Gophers Rule Roost at NHL Draft
Johnson Chosen First Overall
by Mike Machnik/CHN Senior Editor
VANCOUVER NHL teams love the Minnesota Golden Gophers, if the league's 2006 draft is any indication.
Three Minnesota players or recruits were taken in the top seven picks, four in the first round and eight overall, led by incoming freshman defenseman Erik Johnson of the U.S. National Development Program.
The 6'4", 222-pound Johnson (Bloomington, Minn.) was expected to go first overall to St. Louis and did just that. It marked only the fifth time that an American was taken No. 1 and the first since 2000, when the New York Islanders made then-Boston University freshman goaltender Rick DiPietro the top choice in the draft.
Johnson is expected to still join Minnesota this fall, although he said he was keeping his options open. The 18-year-old is compared by some to former Blue Chris Pronger, who won the Hart and Norris trophies with St. Louis before being traded to Edmonton last year.
Forward Phil Kessel, who just completed his freshman year with the Gophers after scoring 18 goals and adding 33 assists for 51 points, was taken fifth by Boston. Kessel was the consensus No. 1 pick before last season but slipped to fifth in the final CSS North American rankings.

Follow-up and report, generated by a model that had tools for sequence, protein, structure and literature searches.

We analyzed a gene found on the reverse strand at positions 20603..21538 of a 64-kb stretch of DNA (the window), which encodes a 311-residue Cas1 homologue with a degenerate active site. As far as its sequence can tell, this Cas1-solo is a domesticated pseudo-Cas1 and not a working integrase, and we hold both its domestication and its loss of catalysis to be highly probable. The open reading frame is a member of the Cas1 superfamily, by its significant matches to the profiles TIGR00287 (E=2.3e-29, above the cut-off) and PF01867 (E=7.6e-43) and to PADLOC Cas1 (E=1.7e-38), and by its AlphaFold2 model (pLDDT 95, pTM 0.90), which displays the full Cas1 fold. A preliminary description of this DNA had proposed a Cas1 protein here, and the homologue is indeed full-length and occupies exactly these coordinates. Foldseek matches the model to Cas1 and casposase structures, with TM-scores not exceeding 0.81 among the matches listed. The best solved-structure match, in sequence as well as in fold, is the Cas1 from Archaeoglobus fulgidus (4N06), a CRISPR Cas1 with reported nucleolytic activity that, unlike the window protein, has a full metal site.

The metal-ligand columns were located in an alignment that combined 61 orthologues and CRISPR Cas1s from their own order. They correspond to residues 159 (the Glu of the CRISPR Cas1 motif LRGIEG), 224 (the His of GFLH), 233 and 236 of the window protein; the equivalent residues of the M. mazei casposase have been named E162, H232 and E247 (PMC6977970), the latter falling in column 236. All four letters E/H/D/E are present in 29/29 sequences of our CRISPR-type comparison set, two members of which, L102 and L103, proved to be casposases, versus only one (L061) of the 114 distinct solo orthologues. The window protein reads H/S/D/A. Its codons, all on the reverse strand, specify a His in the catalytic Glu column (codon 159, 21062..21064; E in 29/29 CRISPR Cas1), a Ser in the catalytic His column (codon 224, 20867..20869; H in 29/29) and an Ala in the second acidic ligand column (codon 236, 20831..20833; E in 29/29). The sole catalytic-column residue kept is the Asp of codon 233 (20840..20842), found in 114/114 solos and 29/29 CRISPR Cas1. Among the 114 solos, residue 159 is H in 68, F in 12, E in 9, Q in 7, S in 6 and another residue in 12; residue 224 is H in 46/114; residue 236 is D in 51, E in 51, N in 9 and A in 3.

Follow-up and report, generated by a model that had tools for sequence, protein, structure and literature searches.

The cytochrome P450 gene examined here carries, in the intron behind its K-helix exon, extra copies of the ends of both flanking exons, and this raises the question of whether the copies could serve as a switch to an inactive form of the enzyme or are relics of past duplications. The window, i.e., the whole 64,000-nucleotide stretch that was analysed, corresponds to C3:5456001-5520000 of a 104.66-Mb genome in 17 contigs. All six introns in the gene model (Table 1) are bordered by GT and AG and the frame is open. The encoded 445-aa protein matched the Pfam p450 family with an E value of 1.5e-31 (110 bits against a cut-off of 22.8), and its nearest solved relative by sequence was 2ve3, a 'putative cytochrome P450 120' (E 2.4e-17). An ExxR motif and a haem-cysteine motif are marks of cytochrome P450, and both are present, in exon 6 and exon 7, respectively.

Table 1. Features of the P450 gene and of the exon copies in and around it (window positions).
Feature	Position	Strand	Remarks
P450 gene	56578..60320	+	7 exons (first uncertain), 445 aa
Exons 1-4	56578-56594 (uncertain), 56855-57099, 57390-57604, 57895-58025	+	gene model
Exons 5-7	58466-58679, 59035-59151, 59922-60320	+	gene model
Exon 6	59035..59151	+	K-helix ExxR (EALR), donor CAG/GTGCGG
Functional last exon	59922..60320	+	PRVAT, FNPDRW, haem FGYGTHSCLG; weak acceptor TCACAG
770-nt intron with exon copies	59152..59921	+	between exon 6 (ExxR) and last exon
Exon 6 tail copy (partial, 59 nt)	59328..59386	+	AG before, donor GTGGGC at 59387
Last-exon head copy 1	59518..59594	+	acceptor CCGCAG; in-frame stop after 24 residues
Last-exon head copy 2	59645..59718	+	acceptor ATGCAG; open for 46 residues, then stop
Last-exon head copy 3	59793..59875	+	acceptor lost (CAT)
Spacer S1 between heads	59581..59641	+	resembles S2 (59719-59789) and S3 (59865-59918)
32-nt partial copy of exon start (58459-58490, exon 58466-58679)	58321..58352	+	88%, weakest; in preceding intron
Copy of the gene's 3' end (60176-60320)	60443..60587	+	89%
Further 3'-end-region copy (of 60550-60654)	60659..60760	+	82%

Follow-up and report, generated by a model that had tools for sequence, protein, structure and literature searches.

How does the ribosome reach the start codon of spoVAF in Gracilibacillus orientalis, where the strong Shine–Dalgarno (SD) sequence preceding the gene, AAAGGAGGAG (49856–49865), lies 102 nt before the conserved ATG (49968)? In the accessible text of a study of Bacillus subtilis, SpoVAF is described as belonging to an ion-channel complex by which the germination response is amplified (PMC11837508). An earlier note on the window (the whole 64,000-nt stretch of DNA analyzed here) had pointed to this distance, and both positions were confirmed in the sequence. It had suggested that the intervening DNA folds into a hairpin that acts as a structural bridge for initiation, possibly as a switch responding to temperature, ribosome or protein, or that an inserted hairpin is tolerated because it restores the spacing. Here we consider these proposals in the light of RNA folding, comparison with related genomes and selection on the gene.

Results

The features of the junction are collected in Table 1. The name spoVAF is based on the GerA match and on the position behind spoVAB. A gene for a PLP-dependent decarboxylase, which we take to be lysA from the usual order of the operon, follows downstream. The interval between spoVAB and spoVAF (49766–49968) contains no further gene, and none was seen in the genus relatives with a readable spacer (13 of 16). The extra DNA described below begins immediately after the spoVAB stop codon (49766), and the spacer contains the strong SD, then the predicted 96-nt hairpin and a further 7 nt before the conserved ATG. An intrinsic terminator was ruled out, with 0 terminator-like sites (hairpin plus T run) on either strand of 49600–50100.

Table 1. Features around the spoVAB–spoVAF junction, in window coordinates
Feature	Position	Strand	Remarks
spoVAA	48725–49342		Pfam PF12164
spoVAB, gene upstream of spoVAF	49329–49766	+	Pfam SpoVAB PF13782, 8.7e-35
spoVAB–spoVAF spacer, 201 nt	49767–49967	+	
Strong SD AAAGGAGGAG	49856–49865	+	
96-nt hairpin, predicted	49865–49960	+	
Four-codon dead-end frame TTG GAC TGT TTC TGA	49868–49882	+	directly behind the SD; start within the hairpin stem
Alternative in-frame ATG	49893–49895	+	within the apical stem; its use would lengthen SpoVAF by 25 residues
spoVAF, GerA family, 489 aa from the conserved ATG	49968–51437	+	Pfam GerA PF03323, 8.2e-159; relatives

Another Minnesota recruit, forward Kyle Okposo (Des Moines, USHL), went seventh to the New York Islanders, and 2007 Gopher recruit David Fischer (D, Apple Valley HS) was selected with the 20th pick by Montreal.
College players dominated the early picks, as North Dakota forward Jonathan Toews was taken third by Chicago. Toews scored 22 goals as a rookie and 39 points, helping the Fighting Sioux to the WCHA Championship and a berth in the NCAA semifinals.
In all, four of the top seven picks were U.S. college players or recruits who have committed to play college hockey.
A total of eight college players and recruits were taken in the opening round, with Michigan accounting for the other three in another impressive showing. Defenseman Mark Mitera went 19th to Anaheim, while incoming recruits Trevor Lewis (F, 17th, Los Angeles) and Chris Summers (D, 29th, Phoenix) were both also first round selections.
10 American-born players went in the first round, the most ever. The only country with more players chosen in the first 30 picks this year was Canada (11).
In total, 68 college players or recruits were selected among the draft's 213 picks, nearly one-third. That number does not include several uncommitted draftees from U.S. high schools and junior teams who could still wind up playing in college — and some recruits could opt to skip school altogether.
After Minnesota's eight draftees, fellow WCHA members Denver (5) and 2006 NCAA champion Wisconsin (4) led all college programs, along with CCHA schools Michigan and Michigan State, and Hockey East's Boston University, also with four each.
Five other schools — Colgate, Harvard, North Dakota, Ohio State and St. Cloud — each had three selected.
The WCHA, buoyed by the strong showing from Minnesota, Denver and Wisconsin, led all NCAA Division I conferences with 26 players or recruits chosen. The CCHA was second with 17, while Hockey East had 14 selected and the ECACHL had 11.